They have also just sent these images of flying "air hospitals" transporting critically wounded people to emergency rooms around the country.

View more on twitter

Latest tweets from Mexico's president

Mexican President Enrique Pena Nieto, declaring "every minute counts to save lives", said his government's immediate priority was to rescue those trapped in collapsed buildings and tend to those who have been injured.

"My gratitude and recognition to the thousands of volunteers and public servants who are participating in the rescue work," the Mexican leader wrote on his @EPN account.

The priority continues to be rescuing people in collapsed structures and looking after the injured, he added.

He also said he was grateful for "the expressions of solidarity and support from friendly nations".

Mexican civil protection authorities said 225 people had been reported killed so far in the 7.1 magnitude earthquake, which wrecked and destroyed dozens of buildings in Mexico City and in five Mexican states.

View more on twitter
View more on twitter
View more on twitter

Rescuers call for silence

Rescuers at the scene of a collapsed school are asking for silence, as they listen for sounds below the rubble.

View more on twitter
View more on twitter

Resilience from volunteers

The BBC's Rajini Vaidyanathan is in Mexico City, where officials have described how 38 buildings were toppled in that area. Fifty-two people have been rescued so far in the city.

But more than 200 people are thought to have died in the 7.1 magnitude earthquake.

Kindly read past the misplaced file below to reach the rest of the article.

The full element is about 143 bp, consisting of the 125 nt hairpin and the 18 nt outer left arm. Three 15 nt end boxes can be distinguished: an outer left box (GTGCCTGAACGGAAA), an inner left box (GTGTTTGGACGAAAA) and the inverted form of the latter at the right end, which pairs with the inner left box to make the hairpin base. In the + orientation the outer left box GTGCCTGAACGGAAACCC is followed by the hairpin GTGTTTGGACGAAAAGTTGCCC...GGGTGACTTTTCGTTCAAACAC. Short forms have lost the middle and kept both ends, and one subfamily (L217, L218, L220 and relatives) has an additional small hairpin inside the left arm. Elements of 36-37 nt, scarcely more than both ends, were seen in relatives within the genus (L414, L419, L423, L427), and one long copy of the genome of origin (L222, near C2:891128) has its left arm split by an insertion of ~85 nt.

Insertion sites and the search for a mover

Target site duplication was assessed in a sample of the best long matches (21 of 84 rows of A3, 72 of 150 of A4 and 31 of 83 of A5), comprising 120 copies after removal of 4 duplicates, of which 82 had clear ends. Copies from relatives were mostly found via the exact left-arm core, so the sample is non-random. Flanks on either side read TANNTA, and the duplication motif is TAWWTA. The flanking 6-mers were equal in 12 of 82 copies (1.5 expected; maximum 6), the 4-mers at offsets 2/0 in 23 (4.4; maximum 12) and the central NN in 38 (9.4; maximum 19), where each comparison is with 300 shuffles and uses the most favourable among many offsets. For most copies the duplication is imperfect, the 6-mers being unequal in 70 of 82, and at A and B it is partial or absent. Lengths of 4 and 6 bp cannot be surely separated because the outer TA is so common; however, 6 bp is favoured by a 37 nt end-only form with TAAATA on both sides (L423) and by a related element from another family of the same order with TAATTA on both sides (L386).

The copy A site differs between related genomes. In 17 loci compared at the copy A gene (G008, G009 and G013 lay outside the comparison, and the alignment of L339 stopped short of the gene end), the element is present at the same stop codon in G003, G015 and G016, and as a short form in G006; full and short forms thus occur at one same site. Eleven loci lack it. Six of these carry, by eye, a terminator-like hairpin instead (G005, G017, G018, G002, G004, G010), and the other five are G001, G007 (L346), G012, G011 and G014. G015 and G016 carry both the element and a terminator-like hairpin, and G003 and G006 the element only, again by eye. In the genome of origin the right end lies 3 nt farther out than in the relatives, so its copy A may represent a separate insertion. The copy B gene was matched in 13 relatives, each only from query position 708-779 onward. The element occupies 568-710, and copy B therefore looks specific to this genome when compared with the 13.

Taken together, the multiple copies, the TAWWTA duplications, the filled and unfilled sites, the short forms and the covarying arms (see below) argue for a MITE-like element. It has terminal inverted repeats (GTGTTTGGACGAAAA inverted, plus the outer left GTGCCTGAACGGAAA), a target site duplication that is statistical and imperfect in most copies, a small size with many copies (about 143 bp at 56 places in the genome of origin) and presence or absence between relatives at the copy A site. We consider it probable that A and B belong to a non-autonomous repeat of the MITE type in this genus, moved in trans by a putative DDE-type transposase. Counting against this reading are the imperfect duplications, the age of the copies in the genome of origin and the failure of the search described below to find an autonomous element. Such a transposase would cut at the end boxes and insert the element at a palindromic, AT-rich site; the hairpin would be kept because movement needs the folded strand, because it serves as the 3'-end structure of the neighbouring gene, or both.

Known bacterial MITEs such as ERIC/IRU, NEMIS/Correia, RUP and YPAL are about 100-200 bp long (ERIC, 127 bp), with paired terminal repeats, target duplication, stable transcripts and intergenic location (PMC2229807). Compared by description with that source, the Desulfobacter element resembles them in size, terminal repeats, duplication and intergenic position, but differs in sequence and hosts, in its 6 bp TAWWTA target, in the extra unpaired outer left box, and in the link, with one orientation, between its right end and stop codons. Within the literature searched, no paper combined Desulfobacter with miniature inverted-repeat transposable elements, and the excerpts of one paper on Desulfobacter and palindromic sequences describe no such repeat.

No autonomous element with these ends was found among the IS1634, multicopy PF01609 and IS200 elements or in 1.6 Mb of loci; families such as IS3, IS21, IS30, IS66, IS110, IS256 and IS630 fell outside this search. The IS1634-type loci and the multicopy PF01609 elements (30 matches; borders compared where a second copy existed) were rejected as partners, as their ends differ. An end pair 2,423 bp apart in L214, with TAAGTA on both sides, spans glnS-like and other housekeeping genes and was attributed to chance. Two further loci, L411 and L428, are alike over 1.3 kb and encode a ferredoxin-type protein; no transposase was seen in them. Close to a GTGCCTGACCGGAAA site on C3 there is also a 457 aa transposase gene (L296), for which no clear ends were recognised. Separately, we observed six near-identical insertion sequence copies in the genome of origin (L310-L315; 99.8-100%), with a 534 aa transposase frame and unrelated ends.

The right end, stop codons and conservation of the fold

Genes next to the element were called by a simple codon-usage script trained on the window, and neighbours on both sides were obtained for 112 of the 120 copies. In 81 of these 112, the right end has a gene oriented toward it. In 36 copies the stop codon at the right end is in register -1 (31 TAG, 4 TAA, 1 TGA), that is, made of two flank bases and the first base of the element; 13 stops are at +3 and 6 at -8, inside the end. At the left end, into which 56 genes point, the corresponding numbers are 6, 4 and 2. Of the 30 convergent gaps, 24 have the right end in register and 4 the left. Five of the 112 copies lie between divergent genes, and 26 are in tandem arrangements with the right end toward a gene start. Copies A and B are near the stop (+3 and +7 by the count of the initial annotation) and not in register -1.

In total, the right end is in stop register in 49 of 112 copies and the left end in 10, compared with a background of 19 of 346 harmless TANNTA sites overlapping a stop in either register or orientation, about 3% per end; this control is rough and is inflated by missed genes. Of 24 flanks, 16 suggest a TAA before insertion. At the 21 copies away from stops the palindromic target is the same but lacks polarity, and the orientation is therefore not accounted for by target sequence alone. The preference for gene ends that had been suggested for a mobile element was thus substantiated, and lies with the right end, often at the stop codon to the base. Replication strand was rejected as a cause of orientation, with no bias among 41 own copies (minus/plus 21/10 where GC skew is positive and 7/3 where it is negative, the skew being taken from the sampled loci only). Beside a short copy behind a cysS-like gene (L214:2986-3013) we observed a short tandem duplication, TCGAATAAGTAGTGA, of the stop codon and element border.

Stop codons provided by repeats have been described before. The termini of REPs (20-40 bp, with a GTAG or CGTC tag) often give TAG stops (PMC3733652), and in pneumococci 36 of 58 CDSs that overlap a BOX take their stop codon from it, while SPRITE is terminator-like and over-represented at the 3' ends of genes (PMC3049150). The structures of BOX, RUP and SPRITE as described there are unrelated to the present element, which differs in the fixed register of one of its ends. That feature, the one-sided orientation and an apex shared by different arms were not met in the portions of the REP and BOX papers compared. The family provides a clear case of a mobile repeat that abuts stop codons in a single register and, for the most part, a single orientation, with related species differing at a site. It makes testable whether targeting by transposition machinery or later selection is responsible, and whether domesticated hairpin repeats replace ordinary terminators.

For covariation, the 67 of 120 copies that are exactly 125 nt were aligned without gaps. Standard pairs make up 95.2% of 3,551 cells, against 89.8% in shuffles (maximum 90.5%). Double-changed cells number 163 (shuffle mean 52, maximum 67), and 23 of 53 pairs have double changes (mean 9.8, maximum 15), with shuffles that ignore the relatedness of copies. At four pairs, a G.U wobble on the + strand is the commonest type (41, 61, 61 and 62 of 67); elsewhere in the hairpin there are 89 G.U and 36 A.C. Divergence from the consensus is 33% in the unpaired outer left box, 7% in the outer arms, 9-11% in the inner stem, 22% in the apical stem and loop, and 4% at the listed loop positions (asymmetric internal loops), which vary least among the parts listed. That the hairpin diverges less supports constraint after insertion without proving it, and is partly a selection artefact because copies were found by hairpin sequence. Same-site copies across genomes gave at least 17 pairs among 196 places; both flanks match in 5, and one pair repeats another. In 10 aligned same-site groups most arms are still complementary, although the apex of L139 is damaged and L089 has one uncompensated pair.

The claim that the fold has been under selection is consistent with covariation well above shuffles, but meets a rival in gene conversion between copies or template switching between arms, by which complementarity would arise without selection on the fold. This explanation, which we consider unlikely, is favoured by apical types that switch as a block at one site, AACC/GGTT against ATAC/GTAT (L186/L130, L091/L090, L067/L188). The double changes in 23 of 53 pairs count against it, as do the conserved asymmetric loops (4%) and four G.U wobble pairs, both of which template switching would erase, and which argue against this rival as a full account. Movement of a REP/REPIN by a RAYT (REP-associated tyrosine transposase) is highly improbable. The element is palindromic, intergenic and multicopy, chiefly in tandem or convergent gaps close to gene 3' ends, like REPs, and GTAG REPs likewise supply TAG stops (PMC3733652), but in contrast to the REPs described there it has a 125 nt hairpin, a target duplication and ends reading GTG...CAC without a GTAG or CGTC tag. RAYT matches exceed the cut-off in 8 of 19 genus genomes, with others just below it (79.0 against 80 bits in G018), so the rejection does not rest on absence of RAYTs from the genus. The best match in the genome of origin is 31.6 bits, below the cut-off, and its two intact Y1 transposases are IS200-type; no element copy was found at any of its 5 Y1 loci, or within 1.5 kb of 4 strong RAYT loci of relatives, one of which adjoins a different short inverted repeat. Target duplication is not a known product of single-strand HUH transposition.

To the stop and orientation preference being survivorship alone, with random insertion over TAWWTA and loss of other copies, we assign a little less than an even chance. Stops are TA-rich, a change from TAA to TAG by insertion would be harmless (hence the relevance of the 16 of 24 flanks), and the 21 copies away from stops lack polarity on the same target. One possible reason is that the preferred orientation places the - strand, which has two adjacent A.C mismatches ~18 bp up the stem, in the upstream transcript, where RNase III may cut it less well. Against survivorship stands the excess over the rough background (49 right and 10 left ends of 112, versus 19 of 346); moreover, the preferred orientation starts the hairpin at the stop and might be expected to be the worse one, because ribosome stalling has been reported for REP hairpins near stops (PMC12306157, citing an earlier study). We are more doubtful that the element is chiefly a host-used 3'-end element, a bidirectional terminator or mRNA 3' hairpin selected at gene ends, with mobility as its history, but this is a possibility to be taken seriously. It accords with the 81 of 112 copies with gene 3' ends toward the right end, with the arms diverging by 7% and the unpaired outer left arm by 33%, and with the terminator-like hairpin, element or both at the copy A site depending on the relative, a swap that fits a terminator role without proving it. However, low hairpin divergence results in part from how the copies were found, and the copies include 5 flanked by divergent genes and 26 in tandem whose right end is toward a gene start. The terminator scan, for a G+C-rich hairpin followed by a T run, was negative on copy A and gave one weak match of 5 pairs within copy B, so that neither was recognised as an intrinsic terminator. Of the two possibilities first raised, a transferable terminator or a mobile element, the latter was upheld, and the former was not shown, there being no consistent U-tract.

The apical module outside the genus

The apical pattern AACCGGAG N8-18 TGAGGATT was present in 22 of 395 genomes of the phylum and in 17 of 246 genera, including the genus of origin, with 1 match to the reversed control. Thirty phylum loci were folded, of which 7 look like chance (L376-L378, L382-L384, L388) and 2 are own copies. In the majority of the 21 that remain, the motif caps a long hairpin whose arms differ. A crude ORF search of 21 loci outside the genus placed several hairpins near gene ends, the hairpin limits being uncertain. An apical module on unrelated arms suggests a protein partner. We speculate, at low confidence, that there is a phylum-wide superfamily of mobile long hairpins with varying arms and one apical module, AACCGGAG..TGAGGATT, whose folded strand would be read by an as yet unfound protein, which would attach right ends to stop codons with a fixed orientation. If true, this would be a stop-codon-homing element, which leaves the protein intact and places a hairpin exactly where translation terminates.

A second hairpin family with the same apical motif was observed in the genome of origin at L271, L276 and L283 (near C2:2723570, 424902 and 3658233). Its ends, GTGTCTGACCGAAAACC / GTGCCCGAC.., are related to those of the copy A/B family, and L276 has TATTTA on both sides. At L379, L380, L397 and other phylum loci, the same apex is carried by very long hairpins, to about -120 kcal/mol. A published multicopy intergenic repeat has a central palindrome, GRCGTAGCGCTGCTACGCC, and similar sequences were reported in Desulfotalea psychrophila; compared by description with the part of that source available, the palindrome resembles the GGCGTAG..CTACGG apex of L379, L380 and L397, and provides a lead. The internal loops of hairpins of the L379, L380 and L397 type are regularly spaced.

Our correspondent says scores of volunteers have been handing out water, and assisting in rescue operations.

"That really is the resilience that we often see in the wake of these devastating natural disasters," she adds.

Rescuers 'close to reaching girl'

Televisa, the Mexican TV channel say that a student is about to be pulled out of the rubble, 24 hours after the earthquake. As yet there is no independent confirmation that a rescue is about to unfold

On the road despite the quake

The earthquake isn't stopping some people from trying to continue as normal.The BBC's Rajini Vaidyanathan has arrived in Mexico City, and shared this image of a damaged car that's still on the road.

View more on twitter

'Entire class could be trapped'

The BBC's Aleem Maqbool is at the collapsed primary school in Mexico City which he says is "the symbol of so much loss" following the earthquake.

He said rescuers believe there could be an entire class of children, along with their teachers, trapped inside the school, which is in the city's southern Coapa district.

Mexico earthquake: The latest update from Mexico City

Volunteers queue to help

The BBC's Paul Blake tweets from Mexico City:

View more on twitter

Messages from beneath the rubble

The BBC's Juan Paullier is at a collapsed primary school in Mexico City where at least 21 children and four adults have died.

He says people trapped under the rubble have been sending text messages to their relatives.

More than 500 members of the army and navy, along with 200 police officers and volunteers, have been working at the site, Mexican newspaper Milenio says.

"Some voices have been heard," Mexican President Enrique Peña Nieto said after visiting the rescue operation.

"In the time I have been here, I have seen how at times they have asked for total silence, solidarity to listen for the voices."

View more on twitter

Watch: Volunteers and army move supplies

A video shared by the Mexican President's office shows volunteers and military personnel carrying supplies at the Campo Marte venue in Mexico City.

Hundreds of volunteers have joined the emergency services to assist with relief efforts.

View more on twitter

Trump speaks to Pena Nieto

US President Donald Trump had " a lengthy call" with Mexican President Enrique Pena Nieto following the earthquake, the White House has said.

Spokeswoman Sarah Sanders gave no other details about the conversation.

Yesterday, President Trump tweeted: "God bless the people of Mexico City. We are with you and will be there for you."